Sunday, May 16, 2010
Ah, new and exciting ways to lose. Oh wait, maybe it wasn't new and exciting at all. A loss on the road in the opponents' final at-bat isn't really a rare thing for the Mariners. Of course, while this can be blamed on the bullpen (their 2009 probably raised our expectations to unrealistic levels for 2010), one can't help but think the bullpen wouldn't have as many problems if, say, the Mariners scored more runs when they had the chances. If the Mariners go 1-for-7 with runners in scoring position in this game instead of 0-for-7 (like they did), this game probably ends up a lot differently. Who are we kidding? The Mariners got a big stroke of luck in Friday's game when Mike Sweeney's homer pushed the lead to 4-1. That may have used up their luck quotient for about a week. Of course, what hurts about this outing again is that Jason Vargas pitched wonderfully but didn't get the win. Vargas left the game with two runners aboard, and the two following pitchers in the inning let those two runners across to tie the game. Vargas' 2-0 lead didn't even last through the end of the eighth.
-- the Mariners got a stroke of really bad luck in the eighth when Adam Moore got aboard with an infield single and stretched his front leg out to touch first base. He looked to have slammed his heel pretty hard into the ground on the play. The trainers came out to attend to Moore, who stayed in the game. Ichiro then ripped what looked to be a sure double. Moore pulled up lame about 15 feet away from second base and hopped safely to the bag. This of course means Ichiro didn't get to second base and in fact had to throw on the brakes and slide back into first base. What should have easily been two runners in scoring position with one out instead was runners at first and second with one out. Sure enough, Chone Figgins grounded into a double play on the first pitch. Nice job, Figgins. Of course, I also can't help but think of what kind of crazy double play Figgins would have hit into if Moore hadn't been injured. It's also too bad for Moore since he had progressed to not looking completely overmatched at the plate lately. If Moore's injured badly enough, we may be looking at Josh Bard to make the big club. Of course, the organization will probably bypass him for Guillermo freakin' Quiroz.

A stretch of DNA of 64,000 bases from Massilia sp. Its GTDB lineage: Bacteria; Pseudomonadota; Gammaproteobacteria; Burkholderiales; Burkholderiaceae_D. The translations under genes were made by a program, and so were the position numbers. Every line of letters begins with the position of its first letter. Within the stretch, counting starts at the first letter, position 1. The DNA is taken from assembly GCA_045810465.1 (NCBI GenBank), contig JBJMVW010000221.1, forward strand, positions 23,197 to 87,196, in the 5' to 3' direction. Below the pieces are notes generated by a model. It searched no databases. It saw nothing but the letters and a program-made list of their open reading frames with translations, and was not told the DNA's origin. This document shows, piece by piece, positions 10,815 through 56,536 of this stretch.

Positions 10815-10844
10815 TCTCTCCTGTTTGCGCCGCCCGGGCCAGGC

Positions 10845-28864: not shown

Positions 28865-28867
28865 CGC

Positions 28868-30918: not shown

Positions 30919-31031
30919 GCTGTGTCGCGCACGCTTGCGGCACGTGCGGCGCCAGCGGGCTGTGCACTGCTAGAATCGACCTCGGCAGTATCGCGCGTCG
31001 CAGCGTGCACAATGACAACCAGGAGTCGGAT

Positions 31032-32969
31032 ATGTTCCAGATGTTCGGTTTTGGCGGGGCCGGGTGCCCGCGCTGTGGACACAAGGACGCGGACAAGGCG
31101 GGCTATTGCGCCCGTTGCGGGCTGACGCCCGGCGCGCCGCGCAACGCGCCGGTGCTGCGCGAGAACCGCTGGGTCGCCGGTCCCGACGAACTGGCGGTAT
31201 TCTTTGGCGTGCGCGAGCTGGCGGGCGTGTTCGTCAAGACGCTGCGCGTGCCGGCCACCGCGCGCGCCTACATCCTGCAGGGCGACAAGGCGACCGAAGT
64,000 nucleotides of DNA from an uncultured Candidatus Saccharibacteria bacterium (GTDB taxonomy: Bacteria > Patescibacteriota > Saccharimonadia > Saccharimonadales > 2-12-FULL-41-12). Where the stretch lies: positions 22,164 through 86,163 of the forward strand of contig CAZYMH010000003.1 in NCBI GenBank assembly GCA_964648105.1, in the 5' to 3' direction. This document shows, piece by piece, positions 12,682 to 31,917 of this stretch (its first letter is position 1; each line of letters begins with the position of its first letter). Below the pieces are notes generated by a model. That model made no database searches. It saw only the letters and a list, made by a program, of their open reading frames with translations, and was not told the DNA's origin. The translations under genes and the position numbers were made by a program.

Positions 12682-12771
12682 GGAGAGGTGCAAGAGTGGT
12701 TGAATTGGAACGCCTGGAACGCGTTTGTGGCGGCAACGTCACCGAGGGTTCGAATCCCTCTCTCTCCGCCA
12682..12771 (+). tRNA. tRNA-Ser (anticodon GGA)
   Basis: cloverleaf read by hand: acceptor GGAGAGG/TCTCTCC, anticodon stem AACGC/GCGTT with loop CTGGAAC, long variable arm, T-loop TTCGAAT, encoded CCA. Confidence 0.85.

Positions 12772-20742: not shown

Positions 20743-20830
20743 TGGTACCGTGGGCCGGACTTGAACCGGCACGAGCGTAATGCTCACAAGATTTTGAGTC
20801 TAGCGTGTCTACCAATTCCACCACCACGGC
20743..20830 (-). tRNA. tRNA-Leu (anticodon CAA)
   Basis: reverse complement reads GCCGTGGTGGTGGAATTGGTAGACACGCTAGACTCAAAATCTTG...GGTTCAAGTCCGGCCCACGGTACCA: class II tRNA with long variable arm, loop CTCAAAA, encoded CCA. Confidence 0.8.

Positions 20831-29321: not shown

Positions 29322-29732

-- the Mariners had a 2-0 lead into through 7 1/2 innings, but let's not forget the fact that James Shields mastered the Mariners' lineup once again. In Seattle, Shields gave up two more hits than in this game, but the rest of the line was similar: two runs, no walks, ten strikeouts. The Mariners of course blew many chances, which is easy to surmise from their 0-for-7 mark with runners in scoring position. In the first, Figgins somehow doubled and was moved to third on a botched pickoff attempt, then scored when Franklin Gutierrez whiffed on a pitch that got away from the catcher. Mike Sweeney then singled to move Gutierrez to third with one out. Jose Lopez then grounded to short to force Sweeney out at second, then Matt Tuiasosopo (who looks completely overmatched at the big-league level offensively) tapped in front of the plate to end the inning. Ichiro singled to lead off the third, but then Figgins lined out to short and Gutierrez grounded into a double play to end the inning. Moore then snapped Shields' streak of 12 straight retired Mariners with his infield single to lead off the eighth. I spent the previous paragraph talking about how that ended. In the ninth, Gutierrez drew a leadoff walk but advanced no further thanks to the next three hitters' futility.
-- time to talk about the nightmare eighth. Jason Vargas, who had thrown seven great innings, was on to throw an eighth. Rob Johnson was now behind the plate, so that probably threw a wrinkle into things. Bossman Junior Upton got aboard on an infield single, then stole second, prompting Tim McCarver to talk about stealing off a catcher with a fresh arm. Dioner Navarro then singled to move Upton to third with nobody out. With Vargas' pitch count at 90, Don Wakamatsu pulled Vargas for Brandon League. Reid Brignac came on to pinch hit. He fouled off the first two pitches, took two balls, then fouled off three more pitches before reaching for a pitch down and in and putting it into centerfield for a single to cut the Mariners' lead to 2-1. What happened to the most swung-at-and-missed pitch in the Majors? Jason Bartlett then bunted the runners over to second and third. Carl Crawford was intentionally walked to load the bases, then Wakamatsu pulled League for Sean White, which seemed like an awful idea to me. Ben Zobrist got ahead 2-0 and popped high to left on the 3-1 pitch. I later watched Baseball Tonight and I think it was Bucky Showalter that thought Michael Saunders in leftfield hadn't gotten enough of a run behind the catch to get off a harder throw, and I'd have to say I agree. The throw home wasn't that bad of a throw, it just could have used more gas, and it didn't beat pinch-runner Sean Rodriguez to the plate. Thus, the game was tied 2-2 before Evan Longoria weakly lined out just foul of the third-base bag on a diving play by Lopez.